With more deaths from agricultural accidents than terrorism, and nothing separating Ulster and Eire other than the road signs in miles, or kilometres, few would want a rerun of anything like the bad old days of the Troubles.

That cork is firmly back in the bottle, from the black and tans too, after the Easter Rising anniversary last year.

Similarly for those Brits like me with Irish relatives, or Irish residents in UK, Brexit could become an administrative nightmare or nothing much at all beyond a giant fudge after years of distraction and economic decline and tax-waste.

The Faragist lie of the EU being responsible for UK's problems is still lost in racist howls, EU mismanagement and failure to reform the EU ready for MENA, Turkey and Russia.

Ambassador Mulhall’s view that the UK remaining in EU is best for Eire and UK is hard to dispute.

The economic synergy of Eire and Ulster was detailed in agricultural produce say cattle trade and creameries either side of the border.

Indeed UK-Eire trade could be increased and improved with an Ulster-Scotland road-rail tunnel speeding up Irish and Scottish trade - removing traffic - 30 % empty HGV's according the Institute of Engineering - from Southern England's congested ports.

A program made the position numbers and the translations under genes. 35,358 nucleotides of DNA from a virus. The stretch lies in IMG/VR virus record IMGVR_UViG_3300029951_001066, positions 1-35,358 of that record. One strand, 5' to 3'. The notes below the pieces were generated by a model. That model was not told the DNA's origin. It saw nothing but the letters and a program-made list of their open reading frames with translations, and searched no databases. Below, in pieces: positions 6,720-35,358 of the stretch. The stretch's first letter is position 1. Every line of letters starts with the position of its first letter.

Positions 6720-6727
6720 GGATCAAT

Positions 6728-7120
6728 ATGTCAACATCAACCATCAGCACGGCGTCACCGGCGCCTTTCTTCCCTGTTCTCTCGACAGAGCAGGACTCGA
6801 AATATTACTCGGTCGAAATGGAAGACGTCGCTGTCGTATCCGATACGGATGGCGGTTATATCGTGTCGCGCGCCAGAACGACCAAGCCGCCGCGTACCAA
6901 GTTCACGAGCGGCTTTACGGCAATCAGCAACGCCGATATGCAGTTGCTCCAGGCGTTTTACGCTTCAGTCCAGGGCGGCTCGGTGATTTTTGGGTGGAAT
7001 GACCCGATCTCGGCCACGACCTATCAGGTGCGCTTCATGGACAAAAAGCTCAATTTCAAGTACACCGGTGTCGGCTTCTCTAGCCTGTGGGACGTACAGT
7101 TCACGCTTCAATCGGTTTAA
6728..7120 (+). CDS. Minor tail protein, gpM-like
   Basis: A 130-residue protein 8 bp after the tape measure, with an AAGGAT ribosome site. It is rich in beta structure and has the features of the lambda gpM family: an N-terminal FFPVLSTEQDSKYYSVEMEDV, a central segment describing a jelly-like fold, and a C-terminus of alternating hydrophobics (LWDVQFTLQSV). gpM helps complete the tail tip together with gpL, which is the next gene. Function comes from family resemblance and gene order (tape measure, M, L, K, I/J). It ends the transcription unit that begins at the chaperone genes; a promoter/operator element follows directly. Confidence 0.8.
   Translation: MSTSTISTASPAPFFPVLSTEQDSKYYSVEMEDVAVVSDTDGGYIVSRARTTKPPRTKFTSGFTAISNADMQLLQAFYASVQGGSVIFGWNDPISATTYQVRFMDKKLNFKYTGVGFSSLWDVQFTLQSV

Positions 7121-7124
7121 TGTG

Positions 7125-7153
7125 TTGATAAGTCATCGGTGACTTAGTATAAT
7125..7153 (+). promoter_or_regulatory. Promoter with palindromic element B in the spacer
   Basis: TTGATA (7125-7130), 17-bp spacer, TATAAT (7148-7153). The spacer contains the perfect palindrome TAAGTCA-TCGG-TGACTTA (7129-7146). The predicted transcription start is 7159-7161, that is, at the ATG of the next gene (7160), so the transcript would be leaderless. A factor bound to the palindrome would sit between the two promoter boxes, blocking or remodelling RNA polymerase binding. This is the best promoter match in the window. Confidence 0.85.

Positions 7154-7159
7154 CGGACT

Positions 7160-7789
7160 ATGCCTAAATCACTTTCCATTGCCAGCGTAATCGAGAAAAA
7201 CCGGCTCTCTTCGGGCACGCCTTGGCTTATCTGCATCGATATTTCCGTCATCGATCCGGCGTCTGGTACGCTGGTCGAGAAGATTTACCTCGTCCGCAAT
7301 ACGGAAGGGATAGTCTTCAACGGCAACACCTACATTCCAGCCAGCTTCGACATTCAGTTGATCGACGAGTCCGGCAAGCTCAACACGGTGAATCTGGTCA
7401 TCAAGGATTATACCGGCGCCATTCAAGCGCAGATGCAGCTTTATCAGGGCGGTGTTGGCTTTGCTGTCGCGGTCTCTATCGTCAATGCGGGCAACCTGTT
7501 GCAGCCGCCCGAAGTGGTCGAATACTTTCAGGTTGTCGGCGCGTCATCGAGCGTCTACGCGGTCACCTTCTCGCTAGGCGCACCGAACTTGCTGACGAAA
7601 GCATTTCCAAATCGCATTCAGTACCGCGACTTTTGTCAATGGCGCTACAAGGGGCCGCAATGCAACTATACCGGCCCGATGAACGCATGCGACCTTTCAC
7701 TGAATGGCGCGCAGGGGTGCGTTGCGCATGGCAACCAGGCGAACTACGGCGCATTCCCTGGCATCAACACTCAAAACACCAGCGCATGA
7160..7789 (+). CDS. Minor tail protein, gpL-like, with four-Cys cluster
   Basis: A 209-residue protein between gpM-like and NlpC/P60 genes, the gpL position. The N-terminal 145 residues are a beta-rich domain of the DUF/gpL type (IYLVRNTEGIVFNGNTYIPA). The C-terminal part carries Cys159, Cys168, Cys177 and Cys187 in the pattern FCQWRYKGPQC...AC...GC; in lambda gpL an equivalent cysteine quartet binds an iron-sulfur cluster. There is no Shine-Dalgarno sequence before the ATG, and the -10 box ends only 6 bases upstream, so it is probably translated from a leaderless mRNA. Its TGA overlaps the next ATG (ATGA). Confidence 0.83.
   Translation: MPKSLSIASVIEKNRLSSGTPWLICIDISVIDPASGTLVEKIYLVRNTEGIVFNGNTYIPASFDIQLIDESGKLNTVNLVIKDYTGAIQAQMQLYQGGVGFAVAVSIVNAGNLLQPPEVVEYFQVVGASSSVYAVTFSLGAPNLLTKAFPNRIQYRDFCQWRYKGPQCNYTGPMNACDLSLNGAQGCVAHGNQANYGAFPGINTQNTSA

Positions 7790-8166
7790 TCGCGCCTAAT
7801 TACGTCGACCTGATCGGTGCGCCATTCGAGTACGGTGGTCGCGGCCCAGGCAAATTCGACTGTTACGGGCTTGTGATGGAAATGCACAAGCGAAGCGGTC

Such a beefed-up port and rail system with autonomous driving could only benefit imports and exports and tourism for all the home nations.

But as with Gibraltar, essentially a UK end-of-Empire tax-haven pimple on the nose of Spain, it's hard to see how Brexit could lead to anything but breaking the link to UK. Almost all the Gibraltar population commutes in from Spain anyway. As with the Falklands, another Empire fragment awaiting a long overdue Hong Kong-style handover.

While with every Northern Ireland citizen entitled to an Eire passport, and a 20% increase in them taking it up since Brexit, a de facto reunion of Ireland may be the result of a disunited kingdom in any aftermath of any Brexit.

And certainly reduced trade before the kickoff of any Brexit.

And one quirky thought: with Kent as one the only UK cross-border region in the EU (Arc-Manche linked to France’s Pas De Calais region), doesn't that mean Kent has - currently as with Northern Ireland and Eire - a virtual border?

And hardly more dastardly than the ongoing work of the British–Irish Council; although questions remain on funding sourced and used – clearly Eire has deployed its EU grants to greater effect with East Kent a broken gateway to Europe languishing with some of the worst poverty in South East England: